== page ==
• Unrelieved pain in 75 advanced cancer, 30-80
    HIV, 40 terminally ill, and 47 during cancer
    therapy
  • Osteoarthritis, osteoporosis, diabetes and cancer
    therapy have significant oral complications
  • Tooth loss, tooth pain, swallowing and facial
    pain are major complaints of poor elderly
  • The fastest growing subpopulation in US are
    people over 80 years of age (15 over 65 years of
    age by 2020)

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57
The SG Report A Framework For Action
  • Change perceptions regarding oral health and
    disease so that oral health becomes an accepted
    component of general health ( e.g. public
    perceptions, policymakers perceptions health
    providers perceptions)
  • Accelerate the building of the science-base to
    improve oral health
  • Build infrastructure that provides comprehensive
    oral health care for all Americans
  • Remove known barriers between people and oral
    health care services
  • Utilize public-private partnerships to improve
    the oral health of those who suffer
    disproportionately from oral diseases and
    disorders

58
A CALL TO ACTION
  • Integrate health promotion disease prevention
    in preschool K-12 education, social
    behavioral sciences education
  • Promote prenatal care with diet, exercise,
    multivitamin supplements
  • Integrate oral health- - -dentistry, medicine,
    nursing, pharmacy, speech therapy, physical
    therapy, social services
  • California campaign for tobacco cessation,
    alcohol reduction, healthy food choices,
    exercise, fluoridation, calcium for child and
    adolescents
  • Immunizations, oral hygiene, diet, sleep, exercise

59
A CALL TO ACTION
  • Preschool programs to include oral health
  • All school-based programs should provide
    caregivers and children with tools to optimize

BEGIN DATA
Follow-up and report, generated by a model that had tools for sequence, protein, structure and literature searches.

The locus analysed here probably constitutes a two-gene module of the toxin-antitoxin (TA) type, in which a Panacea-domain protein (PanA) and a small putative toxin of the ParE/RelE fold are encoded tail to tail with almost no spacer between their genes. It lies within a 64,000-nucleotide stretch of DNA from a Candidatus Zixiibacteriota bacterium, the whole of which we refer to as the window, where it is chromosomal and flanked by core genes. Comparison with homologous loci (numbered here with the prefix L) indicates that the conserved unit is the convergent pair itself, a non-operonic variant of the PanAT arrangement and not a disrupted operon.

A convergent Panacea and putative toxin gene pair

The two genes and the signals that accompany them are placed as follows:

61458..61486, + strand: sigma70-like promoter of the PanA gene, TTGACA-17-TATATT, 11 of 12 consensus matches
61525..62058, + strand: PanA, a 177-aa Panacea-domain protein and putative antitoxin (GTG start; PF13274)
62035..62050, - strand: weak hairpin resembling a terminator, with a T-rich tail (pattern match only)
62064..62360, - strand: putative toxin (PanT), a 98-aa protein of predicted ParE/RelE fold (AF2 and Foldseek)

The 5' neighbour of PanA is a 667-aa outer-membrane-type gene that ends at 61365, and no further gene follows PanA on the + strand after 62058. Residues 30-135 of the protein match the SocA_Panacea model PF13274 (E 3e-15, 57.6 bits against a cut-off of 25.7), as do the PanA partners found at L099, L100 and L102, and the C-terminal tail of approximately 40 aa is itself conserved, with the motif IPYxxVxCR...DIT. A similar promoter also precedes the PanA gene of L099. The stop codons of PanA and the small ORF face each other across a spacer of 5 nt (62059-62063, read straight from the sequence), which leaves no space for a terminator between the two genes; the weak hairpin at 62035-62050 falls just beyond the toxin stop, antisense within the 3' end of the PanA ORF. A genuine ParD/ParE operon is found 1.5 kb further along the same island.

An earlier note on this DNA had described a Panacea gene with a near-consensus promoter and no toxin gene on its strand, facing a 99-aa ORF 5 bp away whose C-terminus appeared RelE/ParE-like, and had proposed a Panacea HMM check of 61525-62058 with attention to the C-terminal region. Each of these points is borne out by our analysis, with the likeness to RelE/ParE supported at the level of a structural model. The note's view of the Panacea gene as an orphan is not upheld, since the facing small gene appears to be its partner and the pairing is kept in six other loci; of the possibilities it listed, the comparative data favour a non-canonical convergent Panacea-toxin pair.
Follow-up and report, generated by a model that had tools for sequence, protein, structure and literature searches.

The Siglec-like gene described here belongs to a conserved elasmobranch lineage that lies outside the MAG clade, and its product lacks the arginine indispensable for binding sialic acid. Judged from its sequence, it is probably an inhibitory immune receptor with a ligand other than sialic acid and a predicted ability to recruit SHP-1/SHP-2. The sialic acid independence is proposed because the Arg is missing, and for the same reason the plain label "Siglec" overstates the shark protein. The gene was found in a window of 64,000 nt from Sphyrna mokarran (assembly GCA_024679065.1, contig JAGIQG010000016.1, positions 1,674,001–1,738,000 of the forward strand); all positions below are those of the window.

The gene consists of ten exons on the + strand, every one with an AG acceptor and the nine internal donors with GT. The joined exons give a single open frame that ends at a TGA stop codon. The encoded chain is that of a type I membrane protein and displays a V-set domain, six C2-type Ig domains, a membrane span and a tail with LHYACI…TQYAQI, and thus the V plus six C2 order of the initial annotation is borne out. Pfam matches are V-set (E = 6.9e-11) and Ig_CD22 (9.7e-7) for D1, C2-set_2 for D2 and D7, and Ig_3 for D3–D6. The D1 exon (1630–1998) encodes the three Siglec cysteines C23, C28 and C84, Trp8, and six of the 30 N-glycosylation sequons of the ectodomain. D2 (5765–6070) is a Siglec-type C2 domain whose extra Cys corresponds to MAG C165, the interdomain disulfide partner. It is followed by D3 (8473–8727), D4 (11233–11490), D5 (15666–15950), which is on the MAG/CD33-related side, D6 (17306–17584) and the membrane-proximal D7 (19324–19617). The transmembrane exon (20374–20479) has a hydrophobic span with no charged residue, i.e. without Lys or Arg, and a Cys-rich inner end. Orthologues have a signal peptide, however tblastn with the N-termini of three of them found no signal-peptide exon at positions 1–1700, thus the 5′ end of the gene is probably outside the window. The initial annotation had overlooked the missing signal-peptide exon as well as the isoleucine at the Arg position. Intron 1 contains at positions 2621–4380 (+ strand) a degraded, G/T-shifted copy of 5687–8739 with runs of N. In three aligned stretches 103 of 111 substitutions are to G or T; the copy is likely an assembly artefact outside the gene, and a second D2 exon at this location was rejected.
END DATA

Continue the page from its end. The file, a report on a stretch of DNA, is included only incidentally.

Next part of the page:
health and well being and to reduce burdens of
    disease
  • California standards for health promotion and
    disease prevention
  • Clinical and cultural competencies for all health
    professionals
  • Cross-disciplinary training programs between
    medicine, dentistry, dental hygiene, pharmacy,
    nursing, speech therapy, and social services

60
A CALL TO ACTION
  • Public/private coalitions to promote health and
    well being, risk assessment and disease
    prevention
  • Increase outcomes and health services research
  • Increase collaborations of health professions
    from prenatal through elderly stages of life
  • Achieve student debt forgiveness as incentive to
    address oral health disparities
  • Health needs of the California population,
    especially special needs and developmental
    disabilities, must be addressed by a continuum of
    biomedical,behavioral and health services
    research, and community-based prevention
    strategies

61
The Future of Oral Health For All Californians?
  • the future can be very bright if we seize the
    opportunities.

62
Knowing is not enough we must apply. Willing is
not enough we must do. Goethe